Barriers perceived by volunteer EMTs in Participating in Continuous Professional Development in Ireland.

Jonathan Daly

DOI: http://dx.doi.org/10.32378/ijp.v3i2.115

Abstract

Introduction

Following the relaunch in 2016 of mandatory Continuous Professional Competency (CPC) for Emergency Medical Technicians (EMT) by Pre-Hospital Emergency Care Council (PHECC) Ireland, the aim of this research was to explore volunteer EMTs perceived attitudes, barriers and confidence in relation to participating in CPC.

Methods

A questionnaire for EMTs was distributed to the four main pre-hospital volunteer organisations and via the PHECC CPC coordinator social media account (Facebook) to gather information on attitudes towards CPC, perceived barriers to participating in CPC, and finally comfort level in completing the didactic aspects of CPC.

Results

In total 341 eligible responses accounting for 15% of EMT registrants were analysed. 65% believed CPC was necessary for professional development, with 61% reporting it an important part of their practice. 57% believed CPC should be linked with maintaining PHECC registration, showing a decline of 38% against recent Irish research. The unique profile of respondents as volunteers highlights barriers commonly cited in the literature as having a more significant impact on CPC participation, most noteworthy over 80% cited time and access to relevant material/courses as impacting on participation. A 40/60 split between 2nd and 3rd level educational qualifications among respondents highlighted a marked difference in perceived confidence for completing didactic CPC elements among graduates with 2nd level reporting confidence at a third that of the level of 3rd level graduates. Compounding this finding, 52% of respondents reported receiving little or no training in CPC. Additionally, respondents cited restricted or no access to online journal or materials due to poor links via PHECC Registered Training Institutions or representative bodies to academic library access impacting on their ability to complete the didactic element of CPC.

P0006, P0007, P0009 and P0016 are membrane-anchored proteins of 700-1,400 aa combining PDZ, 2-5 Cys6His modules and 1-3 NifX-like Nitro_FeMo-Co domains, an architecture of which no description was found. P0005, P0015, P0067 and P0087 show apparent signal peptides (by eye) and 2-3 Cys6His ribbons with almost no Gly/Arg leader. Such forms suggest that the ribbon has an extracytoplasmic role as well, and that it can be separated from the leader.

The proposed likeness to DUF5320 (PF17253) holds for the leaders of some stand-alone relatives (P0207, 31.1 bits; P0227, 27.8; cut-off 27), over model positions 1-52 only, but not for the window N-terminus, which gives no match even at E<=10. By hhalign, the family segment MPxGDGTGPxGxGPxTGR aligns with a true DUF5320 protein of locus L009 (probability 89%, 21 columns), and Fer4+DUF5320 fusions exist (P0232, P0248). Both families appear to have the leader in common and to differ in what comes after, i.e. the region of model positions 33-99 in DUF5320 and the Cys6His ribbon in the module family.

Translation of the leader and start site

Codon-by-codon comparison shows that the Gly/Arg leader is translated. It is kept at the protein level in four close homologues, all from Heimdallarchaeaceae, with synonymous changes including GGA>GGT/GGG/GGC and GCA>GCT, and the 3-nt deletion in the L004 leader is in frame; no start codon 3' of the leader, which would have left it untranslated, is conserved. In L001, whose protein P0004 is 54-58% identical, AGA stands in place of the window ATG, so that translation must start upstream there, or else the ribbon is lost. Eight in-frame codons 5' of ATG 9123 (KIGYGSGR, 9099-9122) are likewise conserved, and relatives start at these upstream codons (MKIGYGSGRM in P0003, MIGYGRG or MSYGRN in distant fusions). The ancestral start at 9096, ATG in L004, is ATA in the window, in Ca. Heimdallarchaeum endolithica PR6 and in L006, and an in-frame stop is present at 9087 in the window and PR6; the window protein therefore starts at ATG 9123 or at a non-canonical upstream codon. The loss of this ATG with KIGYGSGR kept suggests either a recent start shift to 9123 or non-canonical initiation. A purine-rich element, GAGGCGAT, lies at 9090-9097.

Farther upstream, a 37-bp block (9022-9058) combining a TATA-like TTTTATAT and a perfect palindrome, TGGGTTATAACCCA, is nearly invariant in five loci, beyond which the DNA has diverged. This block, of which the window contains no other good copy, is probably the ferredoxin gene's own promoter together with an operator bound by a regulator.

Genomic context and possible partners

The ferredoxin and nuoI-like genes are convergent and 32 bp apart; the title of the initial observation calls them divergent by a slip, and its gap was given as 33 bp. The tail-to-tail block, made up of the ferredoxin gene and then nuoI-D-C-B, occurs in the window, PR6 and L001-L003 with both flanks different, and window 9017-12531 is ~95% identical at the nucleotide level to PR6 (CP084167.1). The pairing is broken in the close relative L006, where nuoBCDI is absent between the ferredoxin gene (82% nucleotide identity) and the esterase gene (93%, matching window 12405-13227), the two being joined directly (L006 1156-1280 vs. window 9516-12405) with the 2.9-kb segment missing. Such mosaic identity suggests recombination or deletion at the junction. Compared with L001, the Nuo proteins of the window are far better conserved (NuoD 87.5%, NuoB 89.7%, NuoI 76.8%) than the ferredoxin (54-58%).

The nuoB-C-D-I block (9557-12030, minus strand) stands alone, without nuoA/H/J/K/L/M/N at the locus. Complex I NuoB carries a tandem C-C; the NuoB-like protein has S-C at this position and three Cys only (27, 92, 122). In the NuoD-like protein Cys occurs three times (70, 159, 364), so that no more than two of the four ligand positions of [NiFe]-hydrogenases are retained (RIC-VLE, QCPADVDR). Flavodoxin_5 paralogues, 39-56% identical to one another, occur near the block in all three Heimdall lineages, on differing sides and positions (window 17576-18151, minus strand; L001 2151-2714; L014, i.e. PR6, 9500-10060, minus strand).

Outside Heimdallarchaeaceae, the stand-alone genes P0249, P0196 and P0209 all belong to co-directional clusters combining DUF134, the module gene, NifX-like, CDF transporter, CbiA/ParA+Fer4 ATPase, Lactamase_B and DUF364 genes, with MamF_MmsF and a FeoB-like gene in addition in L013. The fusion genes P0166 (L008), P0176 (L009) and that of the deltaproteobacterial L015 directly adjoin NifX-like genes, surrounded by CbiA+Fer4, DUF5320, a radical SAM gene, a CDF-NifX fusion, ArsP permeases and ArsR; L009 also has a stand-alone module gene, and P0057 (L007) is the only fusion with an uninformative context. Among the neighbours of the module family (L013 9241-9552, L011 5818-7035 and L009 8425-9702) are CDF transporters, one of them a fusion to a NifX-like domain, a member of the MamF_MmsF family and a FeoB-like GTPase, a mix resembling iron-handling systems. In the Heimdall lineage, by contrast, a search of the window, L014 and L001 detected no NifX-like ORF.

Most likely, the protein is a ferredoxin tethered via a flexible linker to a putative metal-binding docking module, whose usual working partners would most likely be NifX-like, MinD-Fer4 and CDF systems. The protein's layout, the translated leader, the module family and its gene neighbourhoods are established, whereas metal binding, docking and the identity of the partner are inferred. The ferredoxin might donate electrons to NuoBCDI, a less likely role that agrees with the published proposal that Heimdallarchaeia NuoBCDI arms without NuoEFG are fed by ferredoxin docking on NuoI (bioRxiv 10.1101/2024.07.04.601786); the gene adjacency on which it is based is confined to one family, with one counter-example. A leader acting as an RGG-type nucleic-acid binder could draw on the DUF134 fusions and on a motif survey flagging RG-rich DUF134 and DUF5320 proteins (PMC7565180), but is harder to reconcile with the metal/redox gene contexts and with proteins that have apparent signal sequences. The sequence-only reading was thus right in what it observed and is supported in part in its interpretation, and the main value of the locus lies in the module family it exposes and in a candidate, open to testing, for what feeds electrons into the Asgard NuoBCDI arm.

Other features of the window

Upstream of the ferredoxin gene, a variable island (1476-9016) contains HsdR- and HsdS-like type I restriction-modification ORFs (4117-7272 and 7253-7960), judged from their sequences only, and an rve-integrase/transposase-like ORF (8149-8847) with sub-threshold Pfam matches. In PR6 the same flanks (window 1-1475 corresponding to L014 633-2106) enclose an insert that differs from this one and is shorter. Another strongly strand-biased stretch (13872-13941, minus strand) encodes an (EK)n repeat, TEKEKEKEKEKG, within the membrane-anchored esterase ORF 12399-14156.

Recommendations

It is recommended that the PHECC 2014 EMT Education and Training Standard be updated to include standardised CPC education for newly qualified EMTs. To fulfil case studies, reflective practice and literature reviews, volunteer EMTs require access to online journals and treatment information beyond the pre-hospital arena, all of which require immediate and viable solutions for successful completion of CPC by EMTs.


Keywords

Continuous Professional Development;Emergency Medical Technicians; Barriers;CPC

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References

PHECC. (2014) Emergency Medical Technician: Education and Training Standard 2014, Naas, Ireland.



DOI: http://dx.doi.org/10.32378/ijp.v3i2.115

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Copyright (c) 2018 Jonathan Daly

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Electronic ISSN: 2009-938X.

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